Self-Employed Filing Bankruptcy – Keeping Your Business

For many people, being self-employed is a dream come true. If you own a small business, you have likely put a considerable amount of “blood, sweat, and tears” into getting your business off of the ground. If you are currently facing tough financial times, you may be reluctant to consider filing bankruptcy because of the fear that you will lose your business in the process. The good news is that many self-employed small business owners are able to protect their business by filing bankruptcy.  You can resolve your financial problems without losing your business.

From a legal standpoint, businesses are either sole proprietorships, partnerships or corporations. Many small businesses do not incorporate or form partnerships, they just operate as sole proprietorship. Legally, this means that all debts and all assets of the “business” belong to you personally. A self-employed individual operating a business may file a Chapter 7 case. Due to our strong exemption laws in Texas, your business will probably not be terminated – you may continue to operate your business and discharge your unsecured debt. A Chapter 7 Bankruptcy allows you to eliminate most, if not all, of your debt in a relatively short period (approximately three to four months) while continuing to operate your business.

Some small businesses who are unincorporated elect to file Chapter 13 bankruptcy case. This option allows you to continue to operate your business and propose a repayment plan to your creditors. Chapter 13 is not available to corporations or partnerships. We generally do not advise a Chapter 13 filing for businesses because of the long period of time in which you are in an active bankruptcy case repaying your creditors (usually at least three to five years).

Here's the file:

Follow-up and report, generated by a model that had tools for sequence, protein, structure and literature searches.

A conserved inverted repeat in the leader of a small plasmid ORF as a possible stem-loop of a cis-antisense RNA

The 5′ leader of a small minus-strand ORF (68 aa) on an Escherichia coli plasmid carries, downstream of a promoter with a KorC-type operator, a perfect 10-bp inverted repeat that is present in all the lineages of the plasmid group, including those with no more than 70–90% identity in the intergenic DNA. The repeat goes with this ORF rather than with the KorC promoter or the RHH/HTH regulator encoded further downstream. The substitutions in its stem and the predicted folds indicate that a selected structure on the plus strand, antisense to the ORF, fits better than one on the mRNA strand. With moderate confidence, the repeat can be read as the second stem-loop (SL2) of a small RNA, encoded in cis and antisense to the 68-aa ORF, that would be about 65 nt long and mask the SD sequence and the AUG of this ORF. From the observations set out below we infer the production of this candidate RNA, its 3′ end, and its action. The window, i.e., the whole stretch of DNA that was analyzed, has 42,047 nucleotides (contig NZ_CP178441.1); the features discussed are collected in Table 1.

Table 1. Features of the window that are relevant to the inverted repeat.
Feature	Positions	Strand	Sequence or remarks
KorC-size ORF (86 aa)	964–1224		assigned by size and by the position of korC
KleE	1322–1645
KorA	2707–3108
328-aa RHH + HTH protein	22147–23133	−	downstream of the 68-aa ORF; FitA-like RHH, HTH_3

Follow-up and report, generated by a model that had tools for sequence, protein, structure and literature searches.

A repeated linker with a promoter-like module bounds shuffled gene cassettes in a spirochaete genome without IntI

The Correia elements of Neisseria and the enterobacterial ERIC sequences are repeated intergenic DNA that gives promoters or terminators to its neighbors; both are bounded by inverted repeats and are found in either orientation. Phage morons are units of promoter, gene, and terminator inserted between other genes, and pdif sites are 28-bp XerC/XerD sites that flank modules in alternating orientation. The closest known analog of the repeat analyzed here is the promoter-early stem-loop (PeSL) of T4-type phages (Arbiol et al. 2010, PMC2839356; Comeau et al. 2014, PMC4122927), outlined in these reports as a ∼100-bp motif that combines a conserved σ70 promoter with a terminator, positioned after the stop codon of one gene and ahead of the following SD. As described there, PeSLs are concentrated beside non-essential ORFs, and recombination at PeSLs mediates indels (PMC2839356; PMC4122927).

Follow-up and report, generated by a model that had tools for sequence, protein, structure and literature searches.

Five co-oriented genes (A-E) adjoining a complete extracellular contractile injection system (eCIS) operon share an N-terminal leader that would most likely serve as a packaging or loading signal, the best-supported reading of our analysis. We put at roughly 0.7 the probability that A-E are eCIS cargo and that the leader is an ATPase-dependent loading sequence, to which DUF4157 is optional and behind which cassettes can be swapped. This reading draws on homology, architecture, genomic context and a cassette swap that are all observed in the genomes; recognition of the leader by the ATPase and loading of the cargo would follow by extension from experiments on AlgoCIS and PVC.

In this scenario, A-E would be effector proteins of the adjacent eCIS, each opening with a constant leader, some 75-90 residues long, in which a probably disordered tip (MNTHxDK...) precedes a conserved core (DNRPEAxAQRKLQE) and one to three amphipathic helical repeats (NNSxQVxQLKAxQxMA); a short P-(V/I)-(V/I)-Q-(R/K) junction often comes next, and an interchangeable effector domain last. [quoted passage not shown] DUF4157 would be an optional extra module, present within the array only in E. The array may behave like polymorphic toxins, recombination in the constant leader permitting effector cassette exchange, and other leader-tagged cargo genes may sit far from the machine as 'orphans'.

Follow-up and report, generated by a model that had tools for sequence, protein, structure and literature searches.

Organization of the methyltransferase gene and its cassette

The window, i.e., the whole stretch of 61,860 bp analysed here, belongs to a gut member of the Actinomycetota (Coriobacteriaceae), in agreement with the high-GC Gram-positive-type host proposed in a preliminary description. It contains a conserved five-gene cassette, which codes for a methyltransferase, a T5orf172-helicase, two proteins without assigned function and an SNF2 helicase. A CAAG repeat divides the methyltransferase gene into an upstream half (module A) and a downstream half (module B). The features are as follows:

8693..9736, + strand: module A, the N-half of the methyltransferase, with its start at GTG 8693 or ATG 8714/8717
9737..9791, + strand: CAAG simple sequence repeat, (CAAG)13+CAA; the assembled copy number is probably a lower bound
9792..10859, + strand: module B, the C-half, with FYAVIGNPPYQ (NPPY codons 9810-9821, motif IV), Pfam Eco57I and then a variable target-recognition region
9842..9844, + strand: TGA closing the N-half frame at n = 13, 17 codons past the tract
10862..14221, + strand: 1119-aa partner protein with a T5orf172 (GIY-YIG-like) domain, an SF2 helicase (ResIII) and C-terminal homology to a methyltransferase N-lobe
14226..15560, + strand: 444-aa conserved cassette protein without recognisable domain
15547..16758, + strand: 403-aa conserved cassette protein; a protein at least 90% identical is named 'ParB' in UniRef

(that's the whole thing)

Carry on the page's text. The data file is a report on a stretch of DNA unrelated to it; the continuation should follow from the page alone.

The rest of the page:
Some small business owners with more complicated financial issues use the option of Chapter 11 to reorganize their debt. Chapter 11 is available to individuals, corporations and partnerships. A Chapter 11 bankruptcy usually works best for debtors who have a significant income, or who have debts that exceed the debt limits on Chapter 13 or who have valuable non-exempt assets. You and your attorney will develop a repayment plan to repay your creditors. Your creditors vote to either accept or reject your Chapter 11 plan.

If your Texas small business is experiencing a financial problem, consult an experienced Texas bankruptcy attorney to decide which type of bankruptcy will work best for you.

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